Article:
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In-service offending behaviour among UK military personnel

Student thesis: Doctoral ThesisDoctor of Philosophy

Background: Offending behaviour among military personnel has been a concern throughout history. While research has largely focused on violent offending during the life course and post service, there is a dearth of research on offending behaviour during military personnel’s time in service. This thesis examines the prevalence of and risk factors for all types of in-service offending behaviour using official offence records. It also begins to explore the relationship between the perpetrator and victim of interpersonal violent offences. 
Method: This study used a large representative sample of the UK Armed Forces (N=11,418). Data on sociodemographics and experiences during service (including pre- and post-deployment), along with post-deployment mental health factors were collected by self-report questionnaire (collected at three time points, 2003-2005, 2007-2009 and 2013-2016). This data was linked the Ministry of Defence’s official offence record database of offending behaviour during military service, REDCAP. 
Findings: The prevalence of in-service violent offending among this sample was 10.4%. The prevalence of in-service non-violent offending was 16.9%. These results suggest that older age at enlistment, lower levels of educational attainment, having a history of pre-enlistment antisocial behaviour, being a member of the Army and being of lower rank were associated with in-service offending. Compared to non-deployed personnel, being deployed, regardless of role during deployment, was strongly associated with all measures of in-service offending. This was the case whether personnel had a record of offending prior to deployment or not. Being deployed in a combat role compared to a non-combat role was only associated with non-violent in-service offending (adjusted Hazard Ratio (AHR)=1.79, 95% Confidence Interval (CI): 1.21-2.65, p=0.003). While reported symptoms of PTSD were not associated in-service offending, alcohol misuse was independently associated with all measures of in-service offending. The presence of symptoms of common mental disorders was associated with any in-service offending (AHR=1.54, 95% CI: 1.08-2.21, p=0.019), but not in-service violent or in-service non-violent offending separately. Self-reported post-deployment anger was associated with any in-service offending (AHR=1.78, 95% CI: 1.06-3.01, p=0.031) and in-service violent offending (AHR=4.45, 95% CI: 1.69-11.73, p=0.003).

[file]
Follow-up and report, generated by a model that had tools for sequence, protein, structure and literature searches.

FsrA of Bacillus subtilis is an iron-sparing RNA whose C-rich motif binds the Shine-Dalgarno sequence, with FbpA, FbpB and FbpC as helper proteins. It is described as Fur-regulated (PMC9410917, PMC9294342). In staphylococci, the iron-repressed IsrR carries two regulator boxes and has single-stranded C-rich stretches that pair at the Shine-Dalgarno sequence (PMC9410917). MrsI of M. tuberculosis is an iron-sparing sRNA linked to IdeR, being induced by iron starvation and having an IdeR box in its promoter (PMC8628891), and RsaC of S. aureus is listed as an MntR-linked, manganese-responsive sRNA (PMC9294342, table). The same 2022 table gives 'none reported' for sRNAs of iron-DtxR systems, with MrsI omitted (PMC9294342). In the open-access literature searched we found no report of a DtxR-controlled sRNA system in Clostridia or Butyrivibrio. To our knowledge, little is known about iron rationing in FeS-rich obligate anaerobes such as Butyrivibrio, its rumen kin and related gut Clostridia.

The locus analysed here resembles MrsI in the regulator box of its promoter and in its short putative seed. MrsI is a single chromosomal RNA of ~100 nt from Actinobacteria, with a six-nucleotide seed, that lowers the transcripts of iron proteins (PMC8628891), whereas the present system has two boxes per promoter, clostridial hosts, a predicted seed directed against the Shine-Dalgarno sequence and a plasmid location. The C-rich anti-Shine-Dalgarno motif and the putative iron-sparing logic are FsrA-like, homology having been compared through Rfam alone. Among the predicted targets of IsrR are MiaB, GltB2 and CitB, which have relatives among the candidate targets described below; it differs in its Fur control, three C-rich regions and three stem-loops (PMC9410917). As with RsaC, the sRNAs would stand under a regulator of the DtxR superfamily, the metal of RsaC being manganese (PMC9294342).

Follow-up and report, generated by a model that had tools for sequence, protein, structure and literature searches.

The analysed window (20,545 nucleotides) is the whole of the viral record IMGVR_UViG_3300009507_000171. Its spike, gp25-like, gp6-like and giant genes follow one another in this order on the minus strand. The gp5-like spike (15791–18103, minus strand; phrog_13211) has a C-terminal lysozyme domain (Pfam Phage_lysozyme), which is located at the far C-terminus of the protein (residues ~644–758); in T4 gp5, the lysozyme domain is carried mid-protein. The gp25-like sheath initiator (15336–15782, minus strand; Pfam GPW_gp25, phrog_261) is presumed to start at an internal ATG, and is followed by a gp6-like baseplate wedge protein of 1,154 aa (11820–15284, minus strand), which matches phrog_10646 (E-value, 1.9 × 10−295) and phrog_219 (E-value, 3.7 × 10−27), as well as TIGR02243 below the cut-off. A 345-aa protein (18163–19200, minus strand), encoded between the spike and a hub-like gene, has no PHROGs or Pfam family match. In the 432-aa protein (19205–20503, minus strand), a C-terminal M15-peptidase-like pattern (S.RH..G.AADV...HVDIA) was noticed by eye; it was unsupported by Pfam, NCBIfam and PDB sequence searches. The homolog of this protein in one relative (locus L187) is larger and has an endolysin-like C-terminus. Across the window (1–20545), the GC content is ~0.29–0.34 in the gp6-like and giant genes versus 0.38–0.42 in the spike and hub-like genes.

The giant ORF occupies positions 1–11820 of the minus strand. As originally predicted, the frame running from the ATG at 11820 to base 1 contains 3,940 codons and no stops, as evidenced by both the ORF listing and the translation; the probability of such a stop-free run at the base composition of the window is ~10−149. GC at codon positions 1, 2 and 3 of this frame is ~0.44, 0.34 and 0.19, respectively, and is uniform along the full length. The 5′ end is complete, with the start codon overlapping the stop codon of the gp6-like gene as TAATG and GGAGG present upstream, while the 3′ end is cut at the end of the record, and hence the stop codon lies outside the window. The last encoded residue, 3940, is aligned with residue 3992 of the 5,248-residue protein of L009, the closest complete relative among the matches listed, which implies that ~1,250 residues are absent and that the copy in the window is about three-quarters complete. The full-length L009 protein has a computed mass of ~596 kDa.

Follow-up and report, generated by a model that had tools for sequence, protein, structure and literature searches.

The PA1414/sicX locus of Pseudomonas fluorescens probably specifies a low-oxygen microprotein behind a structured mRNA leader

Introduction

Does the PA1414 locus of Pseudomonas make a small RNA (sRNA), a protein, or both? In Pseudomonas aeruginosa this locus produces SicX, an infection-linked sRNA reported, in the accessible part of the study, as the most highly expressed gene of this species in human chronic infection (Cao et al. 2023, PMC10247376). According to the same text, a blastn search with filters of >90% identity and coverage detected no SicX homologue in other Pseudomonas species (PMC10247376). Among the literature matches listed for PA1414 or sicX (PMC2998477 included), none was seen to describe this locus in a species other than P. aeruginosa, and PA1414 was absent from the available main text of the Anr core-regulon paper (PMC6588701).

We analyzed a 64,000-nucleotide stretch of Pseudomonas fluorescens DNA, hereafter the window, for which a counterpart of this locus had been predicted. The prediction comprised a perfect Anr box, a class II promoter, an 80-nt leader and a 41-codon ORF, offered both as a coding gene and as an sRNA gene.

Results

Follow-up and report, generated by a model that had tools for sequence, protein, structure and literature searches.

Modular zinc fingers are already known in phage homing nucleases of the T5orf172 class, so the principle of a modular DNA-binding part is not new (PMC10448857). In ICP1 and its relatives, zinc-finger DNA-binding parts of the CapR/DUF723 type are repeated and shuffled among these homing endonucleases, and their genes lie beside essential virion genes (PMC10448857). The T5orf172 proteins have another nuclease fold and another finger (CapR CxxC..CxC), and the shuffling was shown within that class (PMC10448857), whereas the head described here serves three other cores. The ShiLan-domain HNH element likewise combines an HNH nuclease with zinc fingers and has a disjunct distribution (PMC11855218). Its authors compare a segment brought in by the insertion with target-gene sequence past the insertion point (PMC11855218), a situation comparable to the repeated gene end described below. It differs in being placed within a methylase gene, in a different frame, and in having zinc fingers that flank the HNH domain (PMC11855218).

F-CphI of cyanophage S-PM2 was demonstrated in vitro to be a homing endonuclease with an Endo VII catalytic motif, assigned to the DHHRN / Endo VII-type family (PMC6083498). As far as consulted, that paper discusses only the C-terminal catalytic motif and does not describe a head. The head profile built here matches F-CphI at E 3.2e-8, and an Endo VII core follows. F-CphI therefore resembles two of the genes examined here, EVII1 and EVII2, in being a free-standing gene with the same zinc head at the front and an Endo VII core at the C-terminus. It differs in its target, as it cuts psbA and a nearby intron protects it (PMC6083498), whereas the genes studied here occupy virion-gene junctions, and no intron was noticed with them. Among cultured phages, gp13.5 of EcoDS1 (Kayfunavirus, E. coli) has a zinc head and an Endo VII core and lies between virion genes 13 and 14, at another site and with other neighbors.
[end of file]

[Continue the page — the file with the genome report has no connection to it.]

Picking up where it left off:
Self-reported post-deployment violence towards family members was associated with having left service. Deployment in a combat role (compared to non-combat role) and post-deployment mental health variables were also associated with post-deployment family violence. Alcohol misuse was not associated with post-deployment family violence. 
Conclusion: The majority of offences perpetrated among this sample were non-violent offences. Violent behaviour and in-service offending towards family members were prevalent among this military sample and warrant further investigation. More research is needed to determine the factors associated with in-service interpersonal offending towards family members, particularly spouses and partners to build an evidence base on intimate partner violence among UK military personnel.
Original languageEnglish
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Supervisors/Advisors
Award date1 Dec 2019

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